This course will discuss Einstein's Special Theory of Relativity in quantitative detail, beginning with the roots of the principle of relativity in the writings of Galileo and Newton. We will then examine a qualitative outline of general relativity. We will next study the structure of matter and forces on the small scale and the challenges posed by the quantum theory, which provides the best description of the microworld. The last topic of the semester will be the application of relativity and quantum physics to the early universe. The course is designed for the non-specialist audience and will take an elementary but rigorous approach. No advanced mathematics or prior physics will be required; high school algebra and geometry will, however, be used extensively in class and in the problem sets. The work will require readings and regular problem sets, and students will also write a few essays.

Fall semester. Professor Jagannathan.

The course will begin with a description of the motion of particles and introduce Newton’s dynamical laws and a number of important force laws. We will apply these laws to a wide range of problems to gain a better understanding of the laws and to demonstrate the generality of the framework. The important concepts of work, mechanical energy, and linear and angular momentum will be introduced and the unifying idea of conservation laws will be discussed. The study of mechanical waves permits a natural transition from the dynamics of particles to the dynamics of waves, including the interference of waves. Additional topics may include fluid mechanics and rotational dynamics. Four hours of lecture in the fall and three hours of lecture in the spring. Also one three-hour laboratory per week.

Requisite: MATH 111. Fall and spring semesters. Fall semester: Professors Hall and Hasegawa. Spring semester: Professors Hunter and Jagannathan.

Most of the physical phenomena we encounter in everyday life are due to the electromagnetic force. This course will begin with Coulomb’s law for the force between two charges at rest and introduce the electric field in this context. We will then discuss moving charges and the magnetic interaction between electric currents. The mathematical formulation of the basic laws in terms of the electric and magnetic fields will allow us to work towards the unified formulation originally given by Maxwell. His achievement has, as a gratifying outcome, the description of light as an electromagnetic wave. The course will consider both ray-optics and wave-optics descriptions of light. Laboratory exercises will emphasize electrical circuits, electronic measuring instruments, optics and optical experiments. Three hours of lecture and discussion and one three-hour laboratory per week.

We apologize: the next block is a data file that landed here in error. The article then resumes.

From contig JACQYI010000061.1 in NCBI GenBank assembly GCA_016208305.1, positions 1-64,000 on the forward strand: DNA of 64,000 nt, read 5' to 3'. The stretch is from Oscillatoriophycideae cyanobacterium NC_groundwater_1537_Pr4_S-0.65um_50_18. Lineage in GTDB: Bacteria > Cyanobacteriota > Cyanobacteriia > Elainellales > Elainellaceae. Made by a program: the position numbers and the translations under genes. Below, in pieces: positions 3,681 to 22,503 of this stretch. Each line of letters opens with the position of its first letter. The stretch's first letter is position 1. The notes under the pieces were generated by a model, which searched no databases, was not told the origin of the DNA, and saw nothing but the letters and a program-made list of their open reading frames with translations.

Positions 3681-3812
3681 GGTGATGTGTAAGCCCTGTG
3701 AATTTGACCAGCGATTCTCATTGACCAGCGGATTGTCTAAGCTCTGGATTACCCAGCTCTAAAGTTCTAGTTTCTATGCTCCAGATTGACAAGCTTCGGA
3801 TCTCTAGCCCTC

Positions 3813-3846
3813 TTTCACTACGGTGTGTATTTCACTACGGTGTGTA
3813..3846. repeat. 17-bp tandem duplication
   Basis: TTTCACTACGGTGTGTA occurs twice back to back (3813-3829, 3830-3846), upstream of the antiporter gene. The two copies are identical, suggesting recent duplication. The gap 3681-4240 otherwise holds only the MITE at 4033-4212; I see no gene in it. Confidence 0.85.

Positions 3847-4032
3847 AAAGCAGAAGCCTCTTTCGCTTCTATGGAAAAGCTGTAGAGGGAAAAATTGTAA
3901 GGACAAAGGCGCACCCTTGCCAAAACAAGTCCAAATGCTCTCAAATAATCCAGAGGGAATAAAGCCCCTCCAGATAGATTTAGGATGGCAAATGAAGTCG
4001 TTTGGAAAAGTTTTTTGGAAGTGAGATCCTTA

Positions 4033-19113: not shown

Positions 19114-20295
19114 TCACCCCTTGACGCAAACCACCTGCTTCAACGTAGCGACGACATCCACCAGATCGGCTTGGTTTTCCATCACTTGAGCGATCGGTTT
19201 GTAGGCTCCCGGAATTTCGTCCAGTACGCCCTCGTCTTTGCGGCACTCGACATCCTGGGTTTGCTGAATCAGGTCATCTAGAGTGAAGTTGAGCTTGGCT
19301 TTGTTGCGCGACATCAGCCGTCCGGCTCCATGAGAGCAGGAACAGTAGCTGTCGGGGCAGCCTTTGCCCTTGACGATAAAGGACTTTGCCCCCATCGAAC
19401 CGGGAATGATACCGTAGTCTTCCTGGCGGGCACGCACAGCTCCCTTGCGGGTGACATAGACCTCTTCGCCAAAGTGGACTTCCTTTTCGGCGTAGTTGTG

Requisite: PHYS 116 or 123. Limited to 48 students. Fall semester: Professor Loinaz. Spring semester: Professor Hasegawa.

The idea that the same simple physical laws apply equally well in the terrestrial and celestial realms, called the Newtonian Synthesis, is a major intellectual development of the seventeenth century. It continues to be of vital importance in contemporary physics. In this course, we will explore the implications of this synthesis by combining Newton’s dynamical laws with his Law of Universal Gravitation. We will solve a wide range of problems of motion by introducing a small number of additional forces. The concepts of work, kinetic energy, and potential energy will then be introduced. Conservation laws of momentum, energy, and angular momentum will be discussed, both as results following from the dynamical laws under restricted conditions and as general principles that go well beyond the original context of their deduction. Newton’s laws will be applied to a simple continuous medium to obtain a wave equation as an approximation. Properties of mechanical waves will be discussed. Four hours of lecture and discussion and one three-hour laboratory per week.

Requisite: MATH 111. Fall semester. Professor Friedman.

In the mid-nineteenth century, completing nearly a century of work by others, Maxwell developed an elegant set of equations describing the dynamical behavior of electromagnetic fields. A remarkable consequence of Maxwell’s equations is that the wave theory of light is subsumed under electrodynamics. Moreover, we know from subsequent developments that the electromagnetic interaction largely determines the structure and properties of ordinary matter. The course will begin with Coulomb’s Law but will quickly introduce the concept of the electric field. Moving charges and their connection with the magnetic field will be explored. Currents and electrical circuits will be studied. Faraday’s introduction of the dynamics of the magnetic field and Maxwell’s generalization of it will be discussed. Laboratory exercises will concentrate on circuits, electronic measuring instruments, and optics. Four hours of lecture and discussion and one three-hour laboratory per week.

Requisite: MATH 121 and PHYS 116 or 123. Spring semester. Professor Hall.

The theories of relativity (special and general) and the quantum theory constituted the revolutionary transformation of physics in the early twentieth century. Certain crucial experiments precipitated crises in our classical understanding to which these theories offered responses; in other instances, the theories implied strange and/or counterintuitive phenomena that were then investigated by crucial experiments. After an examination of the basics of Special Relativity, the quantum theory, and the important early experiments, we will consider their implications for model systems such as a particle in a box, the harmonic oscillator, and a simple version of the hydrogen atom. We will also explore the properties of nuclei and elementary particles, study lasers and photonics, and discuss some very recent experiments of interest in contemporary physics. Three class hours per week.